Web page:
My band has been rehearsing for six months...

Discussion in 'Band Wagon' started by Blazer, Mar 31, 2017.

  1. soulgeezer

    soulgeezer Poster Extraordinaire

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    Six months to learn ten songs?

    How drunk are you guys?

    As to others not having been there...

    Take my word for it, we've ALL been there!
     
    Last edited: Apr 2, 2017
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  2. UsernameTaken

    UsernameTaken The Smooth and the Fast

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    "Seventh: How can you guys judge me when you haven't even BEEN THERE?"

    Because internet.




    Fire drummer.
     
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  3. Blue Bill

    Blue Bill Poster Extraordinaire

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    Wow, Blazer, Seems like you are wondering why people here are sounding critical. Maybe it's a cultural or language issue, but from over here in the states, it sounds very far-fetched that a group could rehearse together for 6 months and not expect the drummer to be a screw-up, if he does it all the time. On top of that, getting so very angry about a ten minute jam gig, makes no sense at all from my perspective, really baffling. Plus 6 months, 10 songs? Doesn't add up.

    You know your post would be seen by many musicians who have "been there" and know exactly what it's like to have someone train-wreck a song, so it seems strange that you would dismiss people's comments as being somehow clueless and uninformed. I hope things get better for your group.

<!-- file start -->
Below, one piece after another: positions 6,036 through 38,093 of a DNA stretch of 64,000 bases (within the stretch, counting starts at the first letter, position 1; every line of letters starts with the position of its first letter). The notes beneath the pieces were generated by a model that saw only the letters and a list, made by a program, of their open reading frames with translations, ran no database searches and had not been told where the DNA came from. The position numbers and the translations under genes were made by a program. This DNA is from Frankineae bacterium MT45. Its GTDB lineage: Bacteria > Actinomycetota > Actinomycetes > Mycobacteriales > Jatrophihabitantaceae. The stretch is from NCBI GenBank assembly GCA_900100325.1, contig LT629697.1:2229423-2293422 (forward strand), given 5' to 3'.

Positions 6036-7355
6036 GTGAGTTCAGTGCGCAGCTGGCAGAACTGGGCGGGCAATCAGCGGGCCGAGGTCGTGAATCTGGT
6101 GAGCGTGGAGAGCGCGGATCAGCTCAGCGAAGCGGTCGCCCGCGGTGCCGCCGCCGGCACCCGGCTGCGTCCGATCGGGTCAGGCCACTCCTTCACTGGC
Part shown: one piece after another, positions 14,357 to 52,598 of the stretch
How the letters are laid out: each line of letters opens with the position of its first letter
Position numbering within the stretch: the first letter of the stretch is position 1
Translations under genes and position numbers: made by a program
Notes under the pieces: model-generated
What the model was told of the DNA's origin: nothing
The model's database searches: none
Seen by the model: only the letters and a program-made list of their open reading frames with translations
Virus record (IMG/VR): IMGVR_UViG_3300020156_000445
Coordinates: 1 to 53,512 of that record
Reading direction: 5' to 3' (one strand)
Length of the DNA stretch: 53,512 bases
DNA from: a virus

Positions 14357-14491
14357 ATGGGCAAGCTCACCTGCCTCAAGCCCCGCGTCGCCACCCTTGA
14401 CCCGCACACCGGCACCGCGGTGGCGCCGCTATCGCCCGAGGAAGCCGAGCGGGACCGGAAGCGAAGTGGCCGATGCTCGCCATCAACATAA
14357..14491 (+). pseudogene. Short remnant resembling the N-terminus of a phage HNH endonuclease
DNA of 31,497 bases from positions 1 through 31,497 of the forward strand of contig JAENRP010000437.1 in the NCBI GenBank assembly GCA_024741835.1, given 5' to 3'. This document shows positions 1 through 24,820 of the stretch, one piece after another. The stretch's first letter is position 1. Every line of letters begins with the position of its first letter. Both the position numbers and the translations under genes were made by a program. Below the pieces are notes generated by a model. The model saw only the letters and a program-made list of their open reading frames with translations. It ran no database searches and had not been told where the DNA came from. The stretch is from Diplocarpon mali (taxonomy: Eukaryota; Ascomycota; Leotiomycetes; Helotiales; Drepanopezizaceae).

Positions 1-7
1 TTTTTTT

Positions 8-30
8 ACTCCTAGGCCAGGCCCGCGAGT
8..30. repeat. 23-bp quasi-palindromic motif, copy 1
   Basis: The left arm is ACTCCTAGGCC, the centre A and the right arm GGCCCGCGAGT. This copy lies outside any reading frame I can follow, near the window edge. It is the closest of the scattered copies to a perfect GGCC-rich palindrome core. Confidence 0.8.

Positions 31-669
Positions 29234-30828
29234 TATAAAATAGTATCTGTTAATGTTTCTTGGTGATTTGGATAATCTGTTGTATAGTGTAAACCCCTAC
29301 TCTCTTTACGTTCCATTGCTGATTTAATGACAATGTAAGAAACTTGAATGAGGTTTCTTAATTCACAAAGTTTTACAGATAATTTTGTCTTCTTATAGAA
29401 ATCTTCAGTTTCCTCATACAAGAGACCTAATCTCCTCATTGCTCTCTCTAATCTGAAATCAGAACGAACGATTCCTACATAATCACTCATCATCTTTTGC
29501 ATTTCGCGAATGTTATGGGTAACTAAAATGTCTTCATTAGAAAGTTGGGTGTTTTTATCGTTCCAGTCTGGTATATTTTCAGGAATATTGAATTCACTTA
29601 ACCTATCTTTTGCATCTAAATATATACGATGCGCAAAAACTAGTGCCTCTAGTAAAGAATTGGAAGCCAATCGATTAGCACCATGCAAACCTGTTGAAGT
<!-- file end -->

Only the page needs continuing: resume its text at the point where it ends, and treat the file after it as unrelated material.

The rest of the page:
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  4. papa32203

    papa32203 Tele-Holic

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    I know it will sound conceited, but no- I have not been THERE- where the OP and his drunk, braggart drummer were.
    Of course I've been in some wrecks- definitely caused a few- but, they were kind of fun in a sick-sort-of-way.
    The internet is crawling with video evidence of even the greatest of our times screwing-the-pooch. It really is funny, no matter who does it- and the world keeps on turning.....
     
  5. soulgeezer

    soulgeezer Poster Extraordinaire

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    My point was that we've all been in train wrecks, due to idiot band members. That's all I meant.
     
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  6. kelnet

    kelnet Telefied Ad Free Member

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    Yeah, we don't have a problem with all of this. What we don't believe is that the entire room emptied because the drummer stopped playing for a few measures. You said that he stopped and then you turned to yell at him, and by the time you turned back, everybody was leaving. You said 80% of the crowd was gone by the time he started playing again.
    That is really hard to believe.

    Even the most hostile crowd will simply wait until you guys have finished your ten minutes, and then they'll enjoy the next band. In fact, many people would stay to watch the obvious drama playing out on stage.